The most common sites of breast carcinoma metastases are the bones, liver, lungs, and brain [2], but other secondary localizations have been described in the literature, including those of the peritoneal cavity [6]. Different patterns of metastatic sites in breast cancer are observed according to the hormone receptor, HER2 subtype, and histological type. The comprehension of primary and metastatic disease has advanced significantly, allowing the characterization of biomarkers and adequate follow-up for different groups of patients. However, the factors related to metastatic dissemination are multiple and add even greater complexity to an already intrinsically heterogeneous disease, with several clinical, histological characteristics and molecular subtypes. A study that followed 60,227 patients with the diagnosis of breast cancer and 11,983 patients with metastases for three decades, illustrates this complexity connected to the cancer’s biological progression. This work observed a change in the pattern of metastases. Systematic therapies have enabled the eradication of part of the initial metastases, the so-called prevalent micro-metastasis, resulting in delaying the appearance of subsequent metastases. Nevertheless, as an effect, there is an extension of the metastasis-free interval and a reduction in post-metastatic survival [7].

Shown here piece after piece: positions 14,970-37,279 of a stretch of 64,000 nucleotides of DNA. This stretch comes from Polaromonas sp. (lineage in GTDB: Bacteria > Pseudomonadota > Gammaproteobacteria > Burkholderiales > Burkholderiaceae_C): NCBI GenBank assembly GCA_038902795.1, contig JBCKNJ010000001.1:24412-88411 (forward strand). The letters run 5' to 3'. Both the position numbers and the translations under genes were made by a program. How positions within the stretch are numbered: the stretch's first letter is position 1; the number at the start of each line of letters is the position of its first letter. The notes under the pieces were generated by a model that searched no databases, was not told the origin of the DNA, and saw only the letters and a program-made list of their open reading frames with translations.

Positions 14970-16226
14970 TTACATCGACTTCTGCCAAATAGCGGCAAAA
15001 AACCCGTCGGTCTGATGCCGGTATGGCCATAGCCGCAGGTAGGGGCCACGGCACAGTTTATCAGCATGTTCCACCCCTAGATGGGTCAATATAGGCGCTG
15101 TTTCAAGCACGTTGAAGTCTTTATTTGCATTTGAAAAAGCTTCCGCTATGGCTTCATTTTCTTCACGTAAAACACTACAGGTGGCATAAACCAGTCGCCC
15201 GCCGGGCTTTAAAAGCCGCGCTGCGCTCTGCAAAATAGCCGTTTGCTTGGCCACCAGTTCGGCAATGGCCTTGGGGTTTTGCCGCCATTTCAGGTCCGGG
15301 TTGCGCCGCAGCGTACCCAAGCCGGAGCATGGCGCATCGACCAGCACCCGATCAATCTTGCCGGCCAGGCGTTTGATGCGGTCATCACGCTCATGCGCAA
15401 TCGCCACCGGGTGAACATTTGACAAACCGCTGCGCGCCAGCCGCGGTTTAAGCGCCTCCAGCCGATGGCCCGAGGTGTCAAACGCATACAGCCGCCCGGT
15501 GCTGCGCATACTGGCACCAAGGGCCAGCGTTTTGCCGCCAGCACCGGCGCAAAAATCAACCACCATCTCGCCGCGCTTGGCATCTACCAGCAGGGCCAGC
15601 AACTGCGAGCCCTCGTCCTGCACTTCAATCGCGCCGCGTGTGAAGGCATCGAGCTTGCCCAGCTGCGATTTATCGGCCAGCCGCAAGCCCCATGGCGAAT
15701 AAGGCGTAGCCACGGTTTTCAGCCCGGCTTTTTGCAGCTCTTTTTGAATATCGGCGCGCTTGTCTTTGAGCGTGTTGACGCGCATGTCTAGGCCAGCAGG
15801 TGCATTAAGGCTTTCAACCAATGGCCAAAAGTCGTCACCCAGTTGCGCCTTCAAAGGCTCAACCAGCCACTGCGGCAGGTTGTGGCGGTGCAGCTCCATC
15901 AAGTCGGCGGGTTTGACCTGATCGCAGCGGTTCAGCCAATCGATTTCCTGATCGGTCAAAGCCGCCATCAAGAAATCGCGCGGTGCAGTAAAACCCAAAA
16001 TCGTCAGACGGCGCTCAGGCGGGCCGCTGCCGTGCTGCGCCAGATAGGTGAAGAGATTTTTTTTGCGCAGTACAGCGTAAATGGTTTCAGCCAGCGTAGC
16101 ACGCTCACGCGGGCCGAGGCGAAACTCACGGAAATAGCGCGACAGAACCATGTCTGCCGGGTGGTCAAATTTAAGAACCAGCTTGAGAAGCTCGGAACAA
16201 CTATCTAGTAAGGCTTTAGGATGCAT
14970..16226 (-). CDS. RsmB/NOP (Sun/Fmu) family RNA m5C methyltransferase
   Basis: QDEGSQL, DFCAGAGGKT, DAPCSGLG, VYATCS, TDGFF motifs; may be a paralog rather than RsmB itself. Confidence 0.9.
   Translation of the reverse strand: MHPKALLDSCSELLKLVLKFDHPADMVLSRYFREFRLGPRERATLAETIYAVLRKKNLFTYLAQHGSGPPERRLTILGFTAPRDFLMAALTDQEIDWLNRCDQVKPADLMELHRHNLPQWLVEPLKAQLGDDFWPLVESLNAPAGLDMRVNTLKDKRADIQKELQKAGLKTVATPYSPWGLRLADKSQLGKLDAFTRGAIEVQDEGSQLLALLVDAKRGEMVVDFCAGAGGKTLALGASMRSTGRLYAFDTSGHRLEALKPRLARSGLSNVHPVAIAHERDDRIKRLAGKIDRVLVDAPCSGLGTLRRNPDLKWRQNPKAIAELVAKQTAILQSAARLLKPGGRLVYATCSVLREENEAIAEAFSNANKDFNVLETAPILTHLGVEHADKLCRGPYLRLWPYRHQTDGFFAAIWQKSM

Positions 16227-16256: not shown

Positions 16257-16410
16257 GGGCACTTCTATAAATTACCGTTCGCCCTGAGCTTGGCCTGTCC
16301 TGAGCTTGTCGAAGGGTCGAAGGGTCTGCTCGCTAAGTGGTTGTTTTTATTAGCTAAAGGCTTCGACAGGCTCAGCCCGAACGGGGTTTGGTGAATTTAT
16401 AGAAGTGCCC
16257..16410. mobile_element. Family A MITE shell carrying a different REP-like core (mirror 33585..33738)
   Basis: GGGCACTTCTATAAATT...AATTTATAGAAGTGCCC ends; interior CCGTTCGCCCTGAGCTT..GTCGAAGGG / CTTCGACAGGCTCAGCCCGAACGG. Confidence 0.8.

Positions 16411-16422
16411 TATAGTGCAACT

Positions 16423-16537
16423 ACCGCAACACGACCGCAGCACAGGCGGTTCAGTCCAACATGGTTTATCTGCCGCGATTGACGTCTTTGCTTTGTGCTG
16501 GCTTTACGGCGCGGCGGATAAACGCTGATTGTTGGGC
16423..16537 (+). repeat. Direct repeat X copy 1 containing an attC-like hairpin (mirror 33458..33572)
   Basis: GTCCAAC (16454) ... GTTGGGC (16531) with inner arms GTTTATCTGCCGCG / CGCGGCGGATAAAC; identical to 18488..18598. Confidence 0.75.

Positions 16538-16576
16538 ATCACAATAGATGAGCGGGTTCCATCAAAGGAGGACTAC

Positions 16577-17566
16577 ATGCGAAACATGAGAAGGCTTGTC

In the approach of metastatic disease, fine needle aspiration cytology (FNAC) can be the diagnostic technique of first choice for the documentation of suspected metastases [8]. The minimally invasive nature of cytological procedures facilitates tissue sampling, can be applied to several types of metastatic lesions, and is useful for patients in poor general conditions. The demands and implementation of cytology on metastatic breast cancer are increasing with the advances in radiological and endoscopic techniques for obtaining cytological material.
Furthermore, besides the confirmation of the primary breast site of metastasis, cytological material can be used for diagnostic and therapeutic purposes [9]. Currently, the classification of breast cancer includes the characterization of molecular biomarkers, which are critical for a properly targeted therapeutic. Recent guidelines from the College of American Pathologists (CAP) have endorsed the use of all cytological specimen preparations for molecular assays [10].
In this review, we outline the recent developments in the cytopathology of metastatic breast cancer, discussing cytological diagnostic approaches in the characterization of breast cancer hallmarks, such as immunocytochemistry (ICC) and genomic biomarkers, with an emphasis on molecular profiling.

2. Metastatic Breast Cancer: Molecular Cytological Approach

2.1. Immunocytochemistry Biomarkers: Receptor Status

ICC biomarker tests in MBC are recommended in the guidelines of the American Society of Clinical Oncology (ASCO)/American Pathology Association [11]. Three breast cancer subtypes were defined based on immunostaining estrogen receptor (ER), progesterone receptor (PR), and human epidermal growth factor receptor 2 (HER2) status: Hormone receptor (HR)+/HER2− subtype was defined by HR positive (either ER or PR positive) and HER2− status; HER2+ subtype by HER2 positivity as assessed by IHC and in situ hybridization in case of 2+ IHC score; and triple negative (TNBC) subtype by lack of expression of ER, PR and HER2 [12].